The Magic Trousers
- Behind the Blue Line: My Fight against Racism and Discrimination in the Police by Gurpal Virdi
Biteback, 299 pp, £20.00, March 2018, ISBN 978 1 78590 321 2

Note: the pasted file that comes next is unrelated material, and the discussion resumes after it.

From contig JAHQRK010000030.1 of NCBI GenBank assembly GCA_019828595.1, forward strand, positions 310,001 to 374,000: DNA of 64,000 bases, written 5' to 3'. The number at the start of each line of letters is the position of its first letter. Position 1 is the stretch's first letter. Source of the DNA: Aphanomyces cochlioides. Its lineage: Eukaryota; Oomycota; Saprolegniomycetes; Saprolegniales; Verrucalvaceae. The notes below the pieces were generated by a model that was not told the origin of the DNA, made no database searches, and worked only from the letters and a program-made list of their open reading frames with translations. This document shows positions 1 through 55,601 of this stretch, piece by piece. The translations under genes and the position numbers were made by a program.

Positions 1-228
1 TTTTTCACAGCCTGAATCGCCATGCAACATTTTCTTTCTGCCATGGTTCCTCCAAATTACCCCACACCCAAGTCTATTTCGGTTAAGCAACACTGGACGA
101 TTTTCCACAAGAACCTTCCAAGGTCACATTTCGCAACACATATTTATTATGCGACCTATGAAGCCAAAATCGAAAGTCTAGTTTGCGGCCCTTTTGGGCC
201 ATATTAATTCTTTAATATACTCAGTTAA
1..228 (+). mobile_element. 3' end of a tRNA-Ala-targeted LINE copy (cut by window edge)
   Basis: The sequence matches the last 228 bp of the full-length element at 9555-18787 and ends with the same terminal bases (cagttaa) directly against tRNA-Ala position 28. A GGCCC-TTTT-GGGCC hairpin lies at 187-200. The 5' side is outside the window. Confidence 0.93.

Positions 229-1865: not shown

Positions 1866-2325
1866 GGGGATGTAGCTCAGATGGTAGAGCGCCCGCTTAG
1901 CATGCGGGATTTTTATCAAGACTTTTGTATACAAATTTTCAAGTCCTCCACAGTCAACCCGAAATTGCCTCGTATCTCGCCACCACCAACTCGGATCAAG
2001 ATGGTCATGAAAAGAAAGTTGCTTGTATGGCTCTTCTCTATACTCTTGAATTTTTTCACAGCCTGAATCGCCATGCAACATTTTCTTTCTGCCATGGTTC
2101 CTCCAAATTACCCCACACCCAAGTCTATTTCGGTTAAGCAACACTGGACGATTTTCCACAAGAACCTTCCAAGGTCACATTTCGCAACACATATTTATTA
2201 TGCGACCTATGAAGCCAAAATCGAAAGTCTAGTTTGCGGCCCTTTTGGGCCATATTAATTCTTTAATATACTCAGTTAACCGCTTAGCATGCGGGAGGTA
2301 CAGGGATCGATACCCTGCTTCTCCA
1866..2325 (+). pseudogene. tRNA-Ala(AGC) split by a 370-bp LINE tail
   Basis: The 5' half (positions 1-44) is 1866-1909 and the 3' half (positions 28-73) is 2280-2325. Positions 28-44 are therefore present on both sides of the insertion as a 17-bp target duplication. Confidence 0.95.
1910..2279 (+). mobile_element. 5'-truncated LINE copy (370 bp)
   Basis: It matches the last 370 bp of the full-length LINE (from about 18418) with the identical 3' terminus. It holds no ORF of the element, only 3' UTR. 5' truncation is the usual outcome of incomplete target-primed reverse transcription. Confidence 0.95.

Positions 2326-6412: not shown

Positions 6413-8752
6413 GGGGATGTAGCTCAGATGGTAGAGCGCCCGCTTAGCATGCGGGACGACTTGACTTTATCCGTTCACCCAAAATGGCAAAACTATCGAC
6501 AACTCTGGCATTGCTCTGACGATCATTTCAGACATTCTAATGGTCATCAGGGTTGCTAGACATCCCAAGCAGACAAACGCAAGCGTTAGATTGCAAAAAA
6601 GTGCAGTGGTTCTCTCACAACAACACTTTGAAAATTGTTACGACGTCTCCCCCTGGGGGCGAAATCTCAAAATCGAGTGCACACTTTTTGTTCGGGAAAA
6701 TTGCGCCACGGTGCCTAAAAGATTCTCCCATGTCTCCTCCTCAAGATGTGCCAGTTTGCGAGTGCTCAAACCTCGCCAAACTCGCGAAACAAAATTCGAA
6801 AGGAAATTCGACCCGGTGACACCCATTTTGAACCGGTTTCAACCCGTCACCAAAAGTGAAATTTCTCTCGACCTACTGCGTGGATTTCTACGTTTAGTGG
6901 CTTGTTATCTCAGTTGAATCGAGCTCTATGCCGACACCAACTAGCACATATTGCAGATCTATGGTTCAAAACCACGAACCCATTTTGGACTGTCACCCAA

In April 2014 I was asked to represent a man called Gurpal Virdi. The last time I had heard that name was ten years earlier at a memorial service for my father, Paul Foot, at the Hackney Empire. There, Virdi had immediately stood out, as a serving police officer addressing a largely Marxist audience. In 1998 he had been suspended from the Metropolitan Police for ‘sending racist hate mail’ to the police. He was also alleged to have sent such letters to himself. My father wrote about his case in Private Eye and the Guardian. Eventually the allegations were dismissed; Virdi won record damages from the Met for racial discrimination. The allegations against him had emerged shortly after Virdi, a detective sergeant, complained to his superiors at the Met that an arrest he had made, for a racist assault, hadn’t been treated as a hate crime. Soon afterwards he decided to make a submission to Sir William Macpherson’s inquiry into the murder of Stephen Lawrence. It was this inquiry that led to the charge that there was ‘institutional racism’ in the Met. After Virdi’s reinstatement in 2000, he was unsurprisingly overlooked for promotion until finally he retired from the police in 2012.
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